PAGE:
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J Dent Res. 2017 May;96(5):555-561. doi: 10.1177/0022034516686745. Epub 2017 Jan 12.

Direct Gingival Fibroblast/Osteoblast Transdifferentiation via Epigenetics.

Author information

1
1 Department of Molecular Genetics, School of Dentistry and Dental Research Institute, BK21 Program, Seoul National University, Seoul, South Korea.
2
2 Department of Periodontology, School of Dentistry and Dental Research Institute, BK21 Program, Seoul National University, Seoul, South Korea.

Abstract

Alveolar bone resorption caused by trauma or periodontal diseases has represented a challenge for both dental clinicians and researchers. In this study, we evaluate the osteogenic potential of human gingival fibroblasts (HGFs) through a direct transdifferentiation from HGFs to functional osteoblasts via epigenetic modification and osteogenic signaling with bone morphogenetic protein 2 (BMP2) in vitro and in vivo. HGF treatment with 5-aza-2'-deoxycytidine (5-aza-dC) induced demethylation in the hypermethylated CpG islands of the osteogenic lineage marker genes RUNX2 and ALP, and subsequent BMP2 treatment successfully drove the fibroblasts to the osteoblasts' lineage. Cell morphological changes viewed under microscopy and alkaline phosphatase (ALP) and alizarin red S (ARS) staining confirmed the osteoblastic change mediated by epigenetic modification as did real-time polymerase chain reaction (PCR), methylation-specific PCR (MSP), and chromatin immunoprecipitation (ChIP) assay, which demonstrated the altered methylation patterns in the RUNX2 and ALP promoter regions and their effect on gene expression. Furthermore, micro-computed tomography (CT) analysis of in vivo mouse cell transplantation experiments showed high-density signal in the epigenetically modified HGF group; in addition, a significant amount of bone formation was observed in the transplanted material using hematoxylin and eosin (H&E) staining as well. Collectively, our results indicate that epigenetic modification permits the direct programming of HGFs into functional osteoblasts, suggesting that this approach might open a novel therapeutic avenue in alveolar bone regeneration.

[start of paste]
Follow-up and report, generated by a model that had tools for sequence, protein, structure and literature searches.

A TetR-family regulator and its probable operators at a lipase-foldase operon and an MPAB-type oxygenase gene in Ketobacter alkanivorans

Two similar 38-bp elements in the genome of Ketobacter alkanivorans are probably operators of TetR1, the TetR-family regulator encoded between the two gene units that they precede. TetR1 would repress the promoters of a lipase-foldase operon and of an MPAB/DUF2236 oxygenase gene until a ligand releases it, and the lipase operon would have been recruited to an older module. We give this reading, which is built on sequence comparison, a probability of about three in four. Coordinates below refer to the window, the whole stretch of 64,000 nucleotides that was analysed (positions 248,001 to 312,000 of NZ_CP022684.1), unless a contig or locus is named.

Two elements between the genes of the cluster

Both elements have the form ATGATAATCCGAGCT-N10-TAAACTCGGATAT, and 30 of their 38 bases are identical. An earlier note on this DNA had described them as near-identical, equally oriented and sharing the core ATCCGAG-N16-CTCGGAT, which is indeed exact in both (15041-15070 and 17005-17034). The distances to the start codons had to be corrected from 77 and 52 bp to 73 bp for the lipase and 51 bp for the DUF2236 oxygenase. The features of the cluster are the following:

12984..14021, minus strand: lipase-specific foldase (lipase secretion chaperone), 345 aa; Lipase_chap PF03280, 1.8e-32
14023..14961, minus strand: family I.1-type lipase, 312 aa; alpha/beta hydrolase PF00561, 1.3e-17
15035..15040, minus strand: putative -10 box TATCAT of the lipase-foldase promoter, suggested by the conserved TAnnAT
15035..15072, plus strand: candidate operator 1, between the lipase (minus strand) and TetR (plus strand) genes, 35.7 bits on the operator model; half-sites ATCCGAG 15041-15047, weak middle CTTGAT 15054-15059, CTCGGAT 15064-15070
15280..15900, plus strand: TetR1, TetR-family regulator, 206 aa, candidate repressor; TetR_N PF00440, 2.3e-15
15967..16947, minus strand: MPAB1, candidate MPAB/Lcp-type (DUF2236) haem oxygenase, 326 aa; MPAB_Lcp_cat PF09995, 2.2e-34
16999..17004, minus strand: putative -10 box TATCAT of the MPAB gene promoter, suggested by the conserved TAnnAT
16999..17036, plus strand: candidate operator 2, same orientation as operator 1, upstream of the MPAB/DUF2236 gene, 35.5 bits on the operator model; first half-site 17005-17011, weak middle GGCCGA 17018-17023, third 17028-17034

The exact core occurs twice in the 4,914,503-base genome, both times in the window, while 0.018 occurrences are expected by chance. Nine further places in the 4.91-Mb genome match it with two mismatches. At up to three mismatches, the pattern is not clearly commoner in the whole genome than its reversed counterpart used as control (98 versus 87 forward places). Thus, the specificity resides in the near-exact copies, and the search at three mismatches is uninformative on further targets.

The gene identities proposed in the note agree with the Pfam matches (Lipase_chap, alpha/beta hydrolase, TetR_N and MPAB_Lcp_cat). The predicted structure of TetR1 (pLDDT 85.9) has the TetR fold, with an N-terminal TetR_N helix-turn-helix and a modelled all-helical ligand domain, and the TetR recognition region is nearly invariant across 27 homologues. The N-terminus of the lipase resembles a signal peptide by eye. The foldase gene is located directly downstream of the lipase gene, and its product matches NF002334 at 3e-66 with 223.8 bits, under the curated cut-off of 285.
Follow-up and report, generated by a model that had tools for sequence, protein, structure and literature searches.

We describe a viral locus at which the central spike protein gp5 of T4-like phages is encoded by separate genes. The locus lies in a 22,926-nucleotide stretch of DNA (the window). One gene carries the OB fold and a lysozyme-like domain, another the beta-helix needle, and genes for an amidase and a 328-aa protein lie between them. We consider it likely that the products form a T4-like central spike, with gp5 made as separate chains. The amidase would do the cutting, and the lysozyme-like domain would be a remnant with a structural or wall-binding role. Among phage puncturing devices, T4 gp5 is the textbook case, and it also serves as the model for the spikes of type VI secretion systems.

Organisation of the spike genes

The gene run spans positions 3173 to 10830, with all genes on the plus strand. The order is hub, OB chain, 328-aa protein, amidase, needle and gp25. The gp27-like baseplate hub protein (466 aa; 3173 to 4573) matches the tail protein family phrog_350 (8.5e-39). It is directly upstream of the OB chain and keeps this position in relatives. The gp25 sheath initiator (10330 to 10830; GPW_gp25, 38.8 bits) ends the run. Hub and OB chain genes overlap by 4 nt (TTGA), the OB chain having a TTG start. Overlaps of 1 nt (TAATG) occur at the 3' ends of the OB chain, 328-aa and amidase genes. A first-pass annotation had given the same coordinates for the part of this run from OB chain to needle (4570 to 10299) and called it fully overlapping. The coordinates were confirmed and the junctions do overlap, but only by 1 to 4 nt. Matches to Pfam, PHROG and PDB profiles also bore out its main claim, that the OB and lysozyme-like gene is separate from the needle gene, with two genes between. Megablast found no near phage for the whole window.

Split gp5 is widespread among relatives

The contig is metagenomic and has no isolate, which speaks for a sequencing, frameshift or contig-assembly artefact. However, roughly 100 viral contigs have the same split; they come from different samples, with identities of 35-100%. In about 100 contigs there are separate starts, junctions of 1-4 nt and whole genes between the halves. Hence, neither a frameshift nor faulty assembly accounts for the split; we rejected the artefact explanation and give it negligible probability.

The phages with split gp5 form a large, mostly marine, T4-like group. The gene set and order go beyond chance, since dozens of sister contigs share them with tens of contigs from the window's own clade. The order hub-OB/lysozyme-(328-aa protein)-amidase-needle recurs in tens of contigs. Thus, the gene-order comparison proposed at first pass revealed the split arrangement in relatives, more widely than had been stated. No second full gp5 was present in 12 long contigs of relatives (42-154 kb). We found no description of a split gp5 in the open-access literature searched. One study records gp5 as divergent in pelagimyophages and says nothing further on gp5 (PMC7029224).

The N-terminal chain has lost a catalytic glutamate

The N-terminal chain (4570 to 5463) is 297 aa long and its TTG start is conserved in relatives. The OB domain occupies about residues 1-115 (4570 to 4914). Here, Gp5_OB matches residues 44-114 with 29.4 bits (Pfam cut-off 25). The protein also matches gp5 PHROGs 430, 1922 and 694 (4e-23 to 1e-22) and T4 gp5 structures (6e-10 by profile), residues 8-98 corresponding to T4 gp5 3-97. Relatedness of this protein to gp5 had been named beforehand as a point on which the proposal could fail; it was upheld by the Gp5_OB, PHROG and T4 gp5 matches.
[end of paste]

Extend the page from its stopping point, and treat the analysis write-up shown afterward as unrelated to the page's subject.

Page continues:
KEYWORDS:

bone regeneration; cell differentiation; gingiva; periodontal diseases; periodontium; tissue engineering

PMID:
28081379
DOI:
10.1177/0022034516686745
[Indexed for MEDLINE]

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